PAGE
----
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Looking for a Home 

We'll call it Arcata House Weekend. Back-to-back benefits Friday and Saturday support the local nonprofit that has been providing housing and other services for homeless families for just short of 20 years.

On Friday, Nov. 12, Jeff DeMark begins a three-night run of his one-man-show about finding and fixing up a home, They Ate Everything But Their Boots with a special performance in Dell'Arte's Carlo Theatre dedicated to Arcata House with all proceeds going to the nonprofit.

Saturday, Nov. 13, the action moves to the Arcata Theatre Lounge, where local favorites The Joyce Hough Band plays a benefit dance concert with an opening set by the multifaceted guitarist Errol Previde. Again, all proceeds go to Arcata House. 

What exactly is Arcata House? In a way the singular name is a misnomer since there are actually three houses involved. "We run transitional living projects -- TLPs they call them," said Karen "Fox" Olson who has been Arcata House executive director for 10 years. "Arcata House was started by concerned citizens from all walks of life, church members and people who felt like homeless families deserve a place to stop and regroup."

Headquarters is "the downtown house," a living space plus offices for the nonprofit built on the site of an old Eagles Hall on 11th Street. "That was torn to the ground and rebuilt in 2004 [using a design by the architect Joyce Plath].  We've been in there since, and we have two other houses," elsewhere in Arcata.

The primary residents are homeless families. Asked how many, Fox tallies them in her head, "Three, six... We have about 10 families we're helping this month. We'll help about 75 people this year -- half kids, half adults. They come to us from camping, motels, street life; sometimes we get referrals from hospitals or domestic violence services, child welfare service. It's mostly families, but we have some smaller rooms so we fill those in with single people with disabilities, then seniors who have gone homeless.

"It's a case management program so all the clients are meeting with our people, working on goals, figuring out what went wrong: How did they end up in their situation and what needs to happen to get things back on the right course?"

The key word is transitional. The housing situations are intentionally temporary, although right now Fox says it's not easy to find appropriate homes for some clients. "When I first started there was more affordable subsidized housing and it might take six or seven months for a family to save up money -- which is a component of the program -- and go through credit counseling and learn the soft living skills: working a budget, taking care of a house, being a good tenant. We had a faster turnaround, but now, I think due to the economic downturn there are more barriers to housing. People who are already in subsidized housing are not moving on, so some families stay with us nine months, 10 months. The lack of housing stock is getting to be a problem.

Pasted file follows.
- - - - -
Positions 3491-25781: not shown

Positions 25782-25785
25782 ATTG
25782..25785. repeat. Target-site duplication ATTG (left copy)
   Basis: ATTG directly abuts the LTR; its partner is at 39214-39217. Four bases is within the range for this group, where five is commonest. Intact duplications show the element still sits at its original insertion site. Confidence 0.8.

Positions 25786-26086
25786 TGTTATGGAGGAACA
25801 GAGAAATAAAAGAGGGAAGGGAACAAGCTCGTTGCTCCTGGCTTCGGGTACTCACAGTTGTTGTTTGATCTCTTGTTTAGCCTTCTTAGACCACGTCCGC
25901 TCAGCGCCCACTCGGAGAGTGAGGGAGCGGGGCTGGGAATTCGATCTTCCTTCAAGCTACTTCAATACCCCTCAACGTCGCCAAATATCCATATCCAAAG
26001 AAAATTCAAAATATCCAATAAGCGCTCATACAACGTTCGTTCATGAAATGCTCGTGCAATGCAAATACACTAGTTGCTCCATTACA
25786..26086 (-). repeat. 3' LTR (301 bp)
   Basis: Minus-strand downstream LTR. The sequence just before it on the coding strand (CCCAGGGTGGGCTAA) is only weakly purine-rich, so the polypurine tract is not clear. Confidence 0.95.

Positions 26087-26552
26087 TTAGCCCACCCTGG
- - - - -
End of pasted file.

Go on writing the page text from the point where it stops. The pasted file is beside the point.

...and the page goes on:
"The number one goal for our folks living at Arcata House is to get housed, but a lot happens around that," she continued. In some cases people who have been living on the street without healthcare need to deal with medical problems, others have no ID for themselves and/or their kids. Some moms are in the Welfare-to-Work program and must juggle childcare and transportation issues. In many ways Arcata House is as much about getting people's lives back on track as it is finding them stable living situations.

"I always tell our clients 'You're doing good when you no longer have social workers in your life. That's the goal. You're making it on your own, succeeding in life,'" said Fox.

TLP funding comes from various sources: a grant from Calif. Dept. of Housing and Community Development, grants from community banks, churches, what Fox calls, "rock-steady donors," and benefits like those this weekend. The Joyce Hough Band did one last year that paid for developing a Web site ( where you can learn about their programs or make a donation. 

"It's expensive running three houses," said Fox. "It's important to keep the homes in good shape. And we have a truck we're paying off, then there's the gas bill and so on. Sometimes we end up paying for a birthday party for an Arcata House kid or paying for someone's medicine. We always need money." Thus the benefits.

Jeff DeMark's Friday opening night benefit performance of They Ate Everything But Their Boots starts at 8 p.m. in Dell'Arte's Carlo Theatre, 131 H St., Blue Lake. (See this week's Stage Matters for details on the show.) Tickets are $15, $12 for students and seniors. Call Dell'Arte at 668-5663 or go to for reservations.

Doors open at 7 p.m. for Saturday's Joyce Hough Band/Errol Previde Arcata House Benefit at Arcata Theatre Lounge, 1036 G St. Music at 8, tickets at the door only on a sliding scale $20-$50 (or more of you can afford it).

For further information about Arcata House call 822-4528 or go to

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Bob Doran

Bob Doran

Freelance photographer and writer, Arts and Entertainment editor from 1997 to 2013.

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